Will green beans grow up sunflowers? - VeggieBoards
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#1 Old 04-16-2006, 08:06 PM
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I know green beans will grow up corn stalks, thus relieving the gardener of having to make a trellis. And the beans and corn have different enough nutritional needs they don't have reduced yields from being grown together.



Would something similar work with sunflowers?
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#2 Old 04-17-2006, 07:12 AM
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I don't see why it wouldn't work.
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#3 Old 04-21-2006, 06:43 PM
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it may work.. but hte problem comes with that corn stalks are generally srtonger than sunflowers.... sooo if you get a lot of beans.. it will fall over easier.... i don't know for sure though!
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#4 Old 04-21-2006, 07:52 PM
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I read the thread title and thought you were asking if green bean seeds would produce sunflowers when they sprouted! I was like, WTF?!?



But I don't know the answer to your question, sorry.
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#5 Old 04-22-2006, 01:51 AM
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I thought the same thing, Tess.



(P.S. Is your avatar from NWN or Baldur's Gate or something? It looks so familiar.)
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#6 Old 04-22-2006, 03:34 AM
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From my experience, green beans will grow up anything they possibly can, including you if you stand there long enough

My garden (my mom's actually) is surrounded by a fence so I always plant my green beans around the outside of the garden so they can grow up the fence.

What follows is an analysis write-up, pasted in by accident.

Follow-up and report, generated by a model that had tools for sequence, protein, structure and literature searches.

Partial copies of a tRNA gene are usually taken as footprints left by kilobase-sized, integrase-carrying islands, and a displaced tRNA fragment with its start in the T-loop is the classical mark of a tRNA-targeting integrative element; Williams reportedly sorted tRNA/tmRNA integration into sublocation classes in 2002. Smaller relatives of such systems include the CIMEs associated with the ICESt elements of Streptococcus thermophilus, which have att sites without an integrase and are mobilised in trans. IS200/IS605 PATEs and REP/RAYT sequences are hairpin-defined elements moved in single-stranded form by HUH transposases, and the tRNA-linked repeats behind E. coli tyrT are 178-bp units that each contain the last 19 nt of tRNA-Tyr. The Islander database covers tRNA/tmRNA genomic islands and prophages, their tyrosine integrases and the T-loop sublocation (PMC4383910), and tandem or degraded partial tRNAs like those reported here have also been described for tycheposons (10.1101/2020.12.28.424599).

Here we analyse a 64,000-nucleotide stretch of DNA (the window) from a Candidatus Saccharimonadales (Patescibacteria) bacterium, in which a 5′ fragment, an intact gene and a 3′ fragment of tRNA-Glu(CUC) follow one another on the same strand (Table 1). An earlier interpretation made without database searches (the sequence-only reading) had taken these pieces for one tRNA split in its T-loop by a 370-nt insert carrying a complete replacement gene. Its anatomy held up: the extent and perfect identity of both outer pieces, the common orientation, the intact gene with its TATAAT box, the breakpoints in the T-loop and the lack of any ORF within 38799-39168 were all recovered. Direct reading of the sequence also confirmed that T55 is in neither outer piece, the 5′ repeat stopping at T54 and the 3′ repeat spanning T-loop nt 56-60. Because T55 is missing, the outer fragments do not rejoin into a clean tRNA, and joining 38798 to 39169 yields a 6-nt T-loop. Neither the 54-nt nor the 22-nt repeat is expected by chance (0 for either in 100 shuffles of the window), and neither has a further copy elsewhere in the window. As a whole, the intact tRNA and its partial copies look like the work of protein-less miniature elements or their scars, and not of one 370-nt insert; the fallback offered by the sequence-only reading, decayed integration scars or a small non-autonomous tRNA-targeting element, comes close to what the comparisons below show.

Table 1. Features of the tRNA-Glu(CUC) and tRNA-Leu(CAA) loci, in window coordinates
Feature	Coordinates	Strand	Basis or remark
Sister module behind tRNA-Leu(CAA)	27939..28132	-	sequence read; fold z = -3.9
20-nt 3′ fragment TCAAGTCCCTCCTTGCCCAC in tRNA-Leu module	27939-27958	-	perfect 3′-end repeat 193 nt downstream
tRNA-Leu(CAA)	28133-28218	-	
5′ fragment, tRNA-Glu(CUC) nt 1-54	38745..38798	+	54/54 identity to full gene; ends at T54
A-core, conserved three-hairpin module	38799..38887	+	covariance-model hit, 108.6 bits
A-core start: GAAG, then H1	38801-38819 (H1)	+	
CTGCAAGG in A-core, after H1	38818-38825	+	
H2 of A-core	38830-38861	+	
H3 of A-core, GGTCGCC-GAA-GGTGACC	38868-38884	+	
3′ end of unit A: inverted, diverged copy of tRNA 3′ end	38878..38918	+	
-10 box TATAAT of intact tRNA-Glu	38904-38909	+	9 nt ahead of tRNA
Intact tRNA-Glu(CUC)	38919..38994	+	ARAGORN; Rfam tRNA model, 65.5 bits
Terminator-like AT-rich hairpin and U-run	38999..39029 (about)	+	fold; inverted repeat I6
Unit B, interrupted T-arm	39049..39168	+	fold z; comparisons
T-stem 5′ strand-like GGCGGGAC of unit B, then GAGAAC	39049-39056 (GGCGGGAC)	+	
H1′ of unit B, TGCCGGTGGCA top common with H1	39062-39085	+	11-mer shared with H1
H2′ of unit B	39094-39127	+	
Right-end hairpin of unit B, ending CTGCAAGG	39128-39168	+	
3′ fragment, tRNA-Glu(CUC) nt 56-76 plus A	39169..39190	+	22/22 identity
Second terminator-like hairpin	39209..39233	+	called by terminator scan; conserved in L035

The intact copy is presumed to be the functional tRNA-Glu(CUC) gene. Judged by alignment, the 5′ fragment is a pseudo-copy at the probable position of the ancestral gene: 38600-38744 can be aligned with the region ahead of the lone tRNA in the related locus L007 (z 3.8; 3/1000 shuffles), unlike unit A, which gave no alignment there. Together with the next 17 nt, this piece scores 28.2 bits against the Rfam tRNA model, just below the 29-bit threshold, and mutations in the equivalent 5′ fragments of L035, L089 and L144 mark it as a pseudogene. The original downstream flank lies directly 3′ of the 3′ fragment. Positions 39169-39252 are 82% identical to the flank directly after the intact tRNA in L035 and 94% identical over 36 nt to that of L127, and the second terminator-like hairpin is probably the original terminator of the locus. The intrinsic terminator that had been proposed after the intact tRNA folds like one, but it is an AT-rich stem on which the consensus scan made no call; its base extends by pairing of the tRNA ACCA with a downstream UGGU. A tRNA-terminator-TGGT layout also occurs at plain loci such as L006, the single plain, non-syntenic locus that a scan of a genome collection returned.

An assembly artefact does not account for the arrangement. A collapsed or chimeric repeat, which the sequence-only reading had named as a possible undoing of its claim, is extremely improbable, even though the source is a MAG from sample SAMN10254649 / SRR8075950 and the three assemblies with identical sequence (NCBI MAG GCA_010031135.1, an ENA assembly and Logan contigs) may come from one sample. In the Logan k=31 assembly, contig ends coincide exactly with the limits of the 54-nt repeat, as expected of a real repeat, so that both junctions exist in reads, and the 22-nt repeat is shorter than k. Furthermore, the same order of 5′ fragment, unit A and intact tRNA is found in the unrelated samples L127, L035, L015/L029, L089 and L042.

I wouldn't try growing them on sunflowers because all the sunflower's I've ever grown have always fallen or almost fallen over. They might be too heavy for it. If you do plant corn or sunflowers, don't plant them by a fence or the squirrels will eat them.

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#7 Old 04-22-2006, 06:28 AM
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Quote:
Originally Posted by Medesha View Post

(P.S. Is your avatar from NWN or Baldur's Gate or something? It looks so familiar.)

NWN. But I also have some BG avatars. Yes, I am a RPG nerd! And I'm pleased to see that someone recognizes that fact from my av!
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#8 Old 04-22-2006, 01:36 PM
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Hee hee. I'm an RPG nerd myself.
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#9 Old 10-09-2006, 11:03 AM
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I know this is an old thread... but I tried growing beans on corn plants this past season.



It didn't work.



I had 2 varieties of corn- a dwarf variety of sweet corn (Golden Midget) and a hybrid variety of popcorn. I had 2 varieties of beans too (both for dry use): Hutterite and a type of cranberry bean.



The Hutterite bean is supposed to be a bush variety... I guess they mean it has something to do with the Chief Executive of the USA, because they crawled around everything. I lost a small portion of my crop because it was on the ground and I didn't want to eat it if it might be moldy. I guess that will be my seed for planting next year. The cranberry beans I knew were the climbing type, but those I planted near the full-size popcorn didn't really do anything. The corn seemed to stunt it. And the dwarf corn wasn't quite tall enough for the beans.

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#10 Old 10-09-2006, 11:36 AM
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There is an art to planting compainion plants.

If your corn is planted to close together it will block out the sunlight the beans need, if you buy beans that are a bit to vigorous it can kill the corn, never trust a "bush" type I never have luck with those.



You know what I like? scarlet runner beans, looks like flowers but are tasty beans and will grow literaly anywhere!